I am the Comet, racing through space, making my way on my orbit around the sun, the planets and my fellow comets.
In August of 1797 I came past the blue planet Earth and a woman was the first to see me. She was very excited and decided I was hers to claim. She rode ahorse for thirty miles to let the men at Greenwich know that I was hers. For her I meant luck. For most people on the blue planet I was thought to be a bad omen.An evil Mercury, bringer of bad tidings.
Some days later another woman saw me make my lighted way through space. She decided I was bringing good. But she was mistaken, for her and her loved ones I truly was the Mercury to be feared. I do not decide those matters. I just make my way through space on the route set for me by the laws of gravity, speed and movement.
I am the Comet.
“Peter Cornell hyllade Sofie Proos The Comet of 1797 i Expressen i helgen. Köp den hos oss. "I sitt anspråkslösa format inbjuder den till en fri lek mellan text och bild och genrer: här samsas biografiska notiser med citat, kommentarer av kometen själv och speglarnas vittnesmål om vad som passerar förbi. De interfolieras med svartvita bilder, mjuka akvarellporträtt i en romantisk pastisch och dramatiska etsningar av den mäktiga kometen som tycks betrakta de lidelsefulla förvecklingarna på jorden. Himlakroppens närvaro låter oss se den lilla världens mänskliga komedi på distans som i ett teleskop, ett perspektiv från universum."
C Herschel-lunar crater, Inkwash on paper, 360x270mm
Comet woman, Copper etching, 240x190 mm
Nebula, Copper etching, 240x190 mm
The Comet, Copper etching, 240x190 mm
The Great Escape
Exhibition at Stene Projects 2018
The Great Escape is a series of paintings thematising existential flight. Each painting contains its own interpretation of what it could mean to escape life and distance oneself from reality. Among the motifs are a solitary cottage in the woods and a ship departing from a shore, but also more subtle images of alienation from reality. Such as an audience at the theatre, a stage at the opera, or an old reading chair perfect for fleeing into a good book.
Proos’ characteristic technique makes it easy to recognize her works. By using thin layers of oil she creates a beautiful effect resulting in light and luminous, dream-like images that spark imagination.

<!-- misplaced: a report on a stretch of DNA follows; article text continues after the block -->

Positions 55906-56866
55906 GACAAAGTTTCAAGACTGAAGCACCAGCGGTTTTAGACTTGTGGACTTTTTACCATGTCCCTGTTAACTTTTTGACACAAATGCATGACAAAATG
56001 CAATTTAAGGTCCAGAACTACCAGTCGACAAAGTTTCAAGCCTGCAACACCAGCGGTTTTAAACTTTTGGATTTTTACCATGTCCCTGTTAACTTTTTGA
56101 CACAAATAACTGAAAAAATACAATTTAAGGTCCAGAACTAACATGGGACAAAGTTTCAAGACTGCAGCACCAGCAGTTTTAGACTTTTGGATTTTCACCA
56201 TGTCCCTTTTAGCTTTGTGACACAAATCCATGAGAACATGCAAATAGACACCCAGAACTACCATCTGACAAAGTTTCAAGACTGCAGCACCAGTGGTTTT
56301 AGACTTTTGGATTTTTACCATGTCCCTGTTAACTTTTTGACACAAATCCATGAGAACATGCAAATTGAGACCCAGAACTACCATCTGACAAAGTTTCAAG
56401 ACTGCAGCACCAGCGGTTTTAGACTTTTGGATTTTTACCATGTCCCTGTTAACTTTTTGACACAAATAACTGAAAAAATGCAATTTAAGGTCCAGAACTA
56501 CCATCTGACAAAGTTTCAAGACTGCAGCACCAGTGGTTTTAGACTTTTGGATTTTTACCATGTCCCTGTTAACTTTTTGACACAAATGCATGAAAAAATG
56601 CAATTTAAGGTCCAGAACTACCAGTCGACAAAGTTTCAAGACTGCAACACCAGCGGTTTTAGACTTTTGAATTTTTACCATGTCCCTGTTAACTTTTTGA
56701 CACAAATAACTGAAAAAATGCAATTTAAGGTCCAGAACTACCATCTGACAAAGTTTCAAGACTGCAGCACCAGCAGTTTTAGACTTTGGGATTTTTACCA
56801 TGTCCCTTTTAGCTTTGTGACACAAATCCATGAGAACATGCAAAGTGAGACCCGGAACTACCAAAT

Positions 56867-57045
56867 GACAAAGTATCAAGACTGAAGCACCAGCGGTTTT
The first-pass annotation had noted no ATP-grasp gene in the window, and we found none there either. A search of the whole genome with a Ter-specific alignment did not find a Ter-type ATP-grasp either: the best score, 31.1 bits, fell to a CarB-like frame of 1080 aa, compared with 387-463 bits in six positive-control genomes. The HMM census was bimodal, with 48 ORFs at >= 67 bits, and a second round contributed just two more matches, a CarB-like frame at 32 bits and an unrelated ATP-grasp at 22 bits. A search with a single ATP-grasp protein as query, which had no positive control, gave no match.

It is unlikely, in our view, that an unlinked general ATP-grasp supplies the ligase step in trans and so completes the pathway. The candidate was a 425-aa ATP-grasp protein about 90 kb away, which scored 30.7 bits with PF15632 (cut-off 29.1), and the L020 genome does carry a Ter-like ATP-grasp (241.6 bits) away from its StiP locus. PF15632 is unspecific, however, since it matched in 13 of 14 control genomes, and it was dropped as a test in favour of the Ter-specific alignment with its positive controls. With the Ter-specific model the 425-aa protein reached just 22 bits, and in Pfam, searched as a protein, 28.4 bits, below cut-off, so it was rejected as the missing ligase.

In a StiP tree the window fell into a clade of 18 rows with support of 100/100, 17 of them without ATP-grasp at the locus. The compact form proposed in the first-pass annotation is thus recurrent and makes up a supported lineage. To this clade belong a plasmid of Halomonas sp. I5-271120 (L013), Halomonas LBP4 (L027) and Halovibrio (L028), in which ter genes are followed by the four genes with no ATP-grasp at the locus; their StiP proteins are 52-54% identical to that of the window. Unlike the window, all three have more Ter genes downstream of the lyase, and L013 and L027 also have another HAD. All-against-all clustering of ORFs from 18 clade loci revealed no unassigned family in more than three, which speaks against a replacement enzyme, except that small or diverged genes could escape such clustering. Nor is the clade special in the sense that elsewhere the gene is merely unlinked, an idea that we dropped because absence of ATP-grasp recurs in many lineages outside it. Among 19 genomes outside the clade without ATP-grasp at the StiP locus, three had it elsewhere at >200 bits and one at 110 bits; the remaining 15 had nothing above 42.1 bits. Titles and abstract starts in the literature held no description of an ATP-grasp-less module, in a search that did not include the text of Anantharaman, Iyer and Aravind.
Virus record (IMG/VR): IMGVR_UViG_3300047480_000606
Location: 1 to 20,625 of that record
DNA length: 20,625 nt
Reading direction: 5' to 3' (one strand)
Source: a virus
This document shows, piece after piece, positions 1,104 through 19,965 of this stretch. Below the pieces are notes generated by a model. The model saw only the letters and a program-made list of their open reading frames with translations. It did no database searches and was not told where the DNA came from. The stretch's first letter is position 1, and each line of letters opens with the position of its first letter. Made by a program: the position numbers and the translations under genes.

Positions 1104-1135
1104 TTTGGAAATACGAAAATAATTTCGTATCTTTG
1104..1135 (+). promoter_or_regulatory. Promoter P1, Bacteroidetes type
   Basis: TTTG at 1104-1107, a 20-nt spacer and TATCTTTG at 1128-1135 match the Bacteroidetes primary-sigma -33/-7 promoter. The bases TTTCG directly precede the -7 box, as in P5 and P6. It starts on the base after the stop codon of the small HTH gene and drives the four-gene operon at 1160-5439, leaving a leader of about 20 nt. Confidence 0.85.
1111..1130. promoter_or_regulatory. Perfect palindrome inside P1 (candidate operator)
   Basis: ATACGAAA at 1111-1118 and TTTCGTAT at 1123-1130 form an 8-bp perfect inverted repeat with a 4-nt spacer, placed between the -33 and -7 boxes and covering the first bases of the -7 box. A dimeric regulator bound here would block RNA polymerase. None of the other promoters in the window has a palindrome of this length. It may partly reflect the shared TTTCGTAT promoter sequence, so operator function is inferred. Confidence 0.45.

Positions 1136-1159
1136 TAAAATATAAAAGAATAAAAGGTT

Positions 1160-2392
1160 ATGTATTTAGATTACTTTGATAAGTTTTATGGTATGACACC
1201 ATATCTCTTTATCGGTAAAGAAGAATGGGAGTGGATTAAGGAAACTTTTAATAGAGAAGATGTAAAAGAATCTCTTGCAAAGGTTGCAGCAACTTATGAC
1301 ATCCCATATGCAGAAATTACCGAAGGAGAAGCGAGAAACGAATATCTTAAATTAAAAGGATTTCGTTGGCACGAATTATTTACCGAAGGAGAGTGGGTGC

The literary influences in her works are far from obvious, yet some of the motifs appear to be illustrations from a romantic 18 th century novel. Today, the romantic era is often regarded as the ultimate withdrawal from reality into a fictionalized and aestheticized world. Ironically, the aim of the romantic turn towards nature and emotion was, in fact, to get closer to the world. Their escape was an escape from the increasingly rationalized life world, and not from the world as such.
This also applies to Proos’ great escape. In distancing herself from one world, escaping into artistic practices and alternative universes, Proos reconnects with a world that is lost in the colloquial – an inner world, at the same time unique and belonging to everyone.
Astrid Grelz Andersson
The Letter, 26,5X23,5cm, oil on canvas
Ruin of the young (novel), 26,5X23,5cm, oil on canvas
Hideaway, 37cm diameter, oil on panel
Mythology, 47,5X52,5cm, oil on canvas
Romance, oil on canvas
Encampment, oil on canvas
Ruin of the young (opera), 26,5X23,5cm, oil on canvas
The Escape, 285X3935cm, oil on canvas
Villain, 26,5X23,5cm, oil on canvas
Resting on the likeness
Exhibition at Stene Projects 2014
But first the notion that man has a body distinct from his soul, is to be expunged; this I shall do, by printing in the infernal method, by corrosives, which in Hell are salutary and medicinal, melting apparent surfaces away, and displaying the infinite which was hid.
If the doors of perception were cleansed every thing would appear to man as it is: Infinite.